NASA spacecraft captures stunning ice flow on Mars


WASHINGTON: In a striking revelation, Mars, a celestial body that was once abundant with water, stood a thousand times drier than the driest expanse on Earth’s deserts. Yet, traces of ice still move across its surface, defying its aridity.

Media reports said that on National Aeronautics and Space Administration’s (NASA) special satellite the Mars Reconnaissance Orbiter, which is dedicated to study the mysterious planet, there is powerful instrument called the High Resolution Imaging Experiment (HiRISE).

HiRISE camera

Regarded as the “most powerful camera ever dispatched to another world” by the HiRISE team, the device adeptly captured detailed images of the Red Planet’s surface.

As per the reports, the planetary scientists recently used HiRISE to snap an image of a glacier-like “icy flow,” taken from 184 miles above Mars’ surface. It was discovered that the frozen ice doesn’t only exist in the frigid Martian poles.

Meanwhile, a distinguished Mars geologist and co-investigator of the HiRISE project Mike Mellon explained the widespread presence of glacier-like geological formations on the planet. He said that while most surface ice was situated at the polar caps, non-polar regions of Mars also showcased a wealth of gradual and flowing patterns created by the viscous movements.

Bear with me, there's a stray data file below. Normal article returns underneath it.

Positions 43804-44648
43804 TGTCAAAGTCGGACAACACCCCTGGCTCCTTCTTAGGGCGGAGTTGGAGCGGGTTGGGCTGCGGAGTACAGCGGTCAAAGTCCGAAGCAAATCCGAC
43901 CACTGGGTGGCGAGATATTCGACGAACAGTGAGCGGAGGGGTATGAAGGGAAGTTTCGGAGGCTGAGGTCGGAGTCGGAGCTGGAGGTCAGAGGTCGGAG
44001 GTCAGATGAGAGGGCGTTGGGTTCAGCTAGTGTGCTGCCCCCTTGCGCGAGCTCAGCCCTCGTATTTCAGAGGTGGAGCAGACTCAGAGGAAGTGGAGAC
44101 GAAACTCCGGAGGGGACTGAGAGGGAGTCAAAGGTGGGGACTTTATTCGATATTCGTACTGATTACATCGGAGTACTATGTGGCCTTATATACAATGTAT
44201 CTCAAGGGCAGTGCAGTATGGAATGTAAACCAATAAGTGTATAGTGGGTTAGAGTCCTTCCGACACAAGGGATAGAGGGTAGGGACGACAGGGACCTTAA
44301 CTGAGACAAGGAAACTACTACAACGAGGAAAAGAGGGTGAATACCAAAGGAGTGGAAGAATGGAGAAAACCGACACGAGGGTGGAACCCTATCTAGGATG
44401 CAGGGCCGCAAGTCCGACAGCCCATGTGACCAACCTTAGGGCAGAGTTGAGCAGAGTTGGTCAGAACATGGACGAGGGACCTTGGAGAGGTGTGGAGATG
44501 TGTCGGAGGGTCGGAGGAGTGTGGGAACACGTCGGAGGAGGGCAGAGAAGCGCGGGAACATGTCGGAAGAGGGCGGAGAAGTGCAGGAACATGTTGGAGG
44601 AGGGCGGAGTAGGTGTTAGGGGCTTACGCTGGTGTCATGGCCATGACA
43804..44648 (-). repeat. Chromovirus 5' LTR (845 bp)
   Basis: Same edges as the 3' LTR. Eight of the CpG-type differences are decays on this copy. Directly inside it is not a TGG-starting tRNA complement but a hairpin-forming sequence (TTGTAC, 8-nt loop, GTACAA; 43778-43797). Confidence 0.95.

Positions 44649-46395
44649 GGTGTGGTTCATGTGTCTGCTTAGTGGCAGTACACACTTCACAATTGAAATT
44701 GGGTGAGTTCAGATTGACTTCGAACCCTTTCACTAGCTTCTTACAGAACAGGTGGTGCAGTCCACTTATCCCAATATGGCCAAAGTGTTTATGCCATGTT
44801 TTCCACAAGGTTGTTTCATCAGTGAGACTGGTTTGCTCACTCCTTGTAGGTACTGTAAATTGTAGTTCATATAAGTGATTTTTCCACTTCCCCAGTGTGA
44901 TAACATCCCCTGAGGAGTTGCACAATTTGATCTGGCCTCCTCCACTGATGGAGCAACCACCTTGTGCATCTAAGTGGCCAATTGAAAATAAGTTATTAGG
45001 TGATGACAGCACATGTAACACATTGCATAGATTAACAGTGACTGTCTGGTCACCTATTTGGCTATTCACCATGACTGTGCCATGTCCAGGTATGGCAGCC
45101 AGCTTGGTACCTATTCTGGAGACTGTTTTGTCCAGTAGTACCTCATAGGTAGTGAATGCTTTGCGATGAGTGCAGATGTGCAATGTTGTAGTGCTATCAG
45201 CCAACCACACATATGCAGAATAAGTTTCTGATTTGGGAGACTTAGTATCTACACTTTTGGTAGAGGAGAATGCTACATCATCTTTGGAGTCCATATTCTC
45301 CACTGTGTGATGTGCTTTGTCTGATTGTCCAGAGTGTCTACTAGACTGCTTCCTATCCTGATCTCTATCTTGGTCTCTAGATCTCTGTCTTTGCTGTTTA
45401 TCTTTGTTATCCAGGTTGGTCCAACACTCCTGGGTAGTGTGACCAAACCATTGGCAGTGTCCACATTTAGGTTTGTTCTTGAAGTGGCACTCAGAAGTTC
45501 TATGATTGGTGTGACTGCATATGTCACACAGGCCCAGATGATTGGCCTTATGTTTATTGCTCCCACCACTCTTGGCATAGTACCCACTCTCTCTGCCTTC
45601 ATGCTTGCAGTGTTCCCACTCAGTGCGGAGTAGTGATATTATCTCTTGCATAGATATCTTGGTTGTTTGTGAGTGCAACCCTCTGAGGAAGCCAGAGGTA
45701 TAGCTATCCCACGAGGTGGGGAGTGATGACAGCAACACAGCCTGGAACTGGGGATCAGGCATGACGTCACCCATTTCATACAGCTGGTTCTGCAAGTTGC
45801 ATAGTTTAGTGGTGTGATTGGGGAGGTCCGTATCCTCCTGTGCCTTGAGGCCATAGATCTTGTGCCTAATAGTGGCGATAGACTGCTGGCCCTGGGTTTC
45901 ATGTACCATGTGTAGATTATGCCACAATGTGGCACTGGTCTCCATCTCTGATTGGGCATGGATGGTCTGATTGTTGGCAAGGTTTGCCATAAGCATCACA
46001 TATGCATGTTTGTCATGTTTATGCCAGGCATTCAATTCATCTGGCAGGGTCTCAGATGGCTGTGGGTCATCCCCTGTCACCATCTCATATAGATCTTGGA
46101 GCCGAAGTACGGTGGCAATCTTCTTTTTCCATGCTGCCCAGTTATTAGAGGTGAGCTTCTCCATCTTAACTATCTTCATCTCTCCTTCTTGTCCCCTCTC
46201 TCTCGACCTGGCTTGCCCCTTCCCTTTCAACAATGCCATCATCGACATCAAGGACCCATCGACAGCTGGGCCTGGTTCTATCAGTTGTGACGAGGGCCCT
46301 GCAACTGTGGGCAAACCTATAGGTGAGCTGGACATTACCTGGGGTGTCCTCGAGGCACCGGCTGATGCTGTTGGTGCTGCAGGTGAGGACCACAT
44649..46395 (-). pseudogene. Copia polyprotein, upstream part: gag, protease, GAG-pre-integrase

The following image has been captured at a latitude of 37 degrees, situated in a “temperate” region of Mars, as reported by the media.

Furthermore, Mellon said that the noticeable ice motion occurred at a deliberate pace forming within valleys and craters where rocky debris was prevalent.

“As ice flows downhill, rock and soil are plucked from the surrounding landscape and ferried along the flowing ice surface and within the icy subsurface. While this process is gradual, taking perhaps thousands of years or longer, it creates a network of linear patterns that reveal the history of ice flow,” he added.

You May Also Like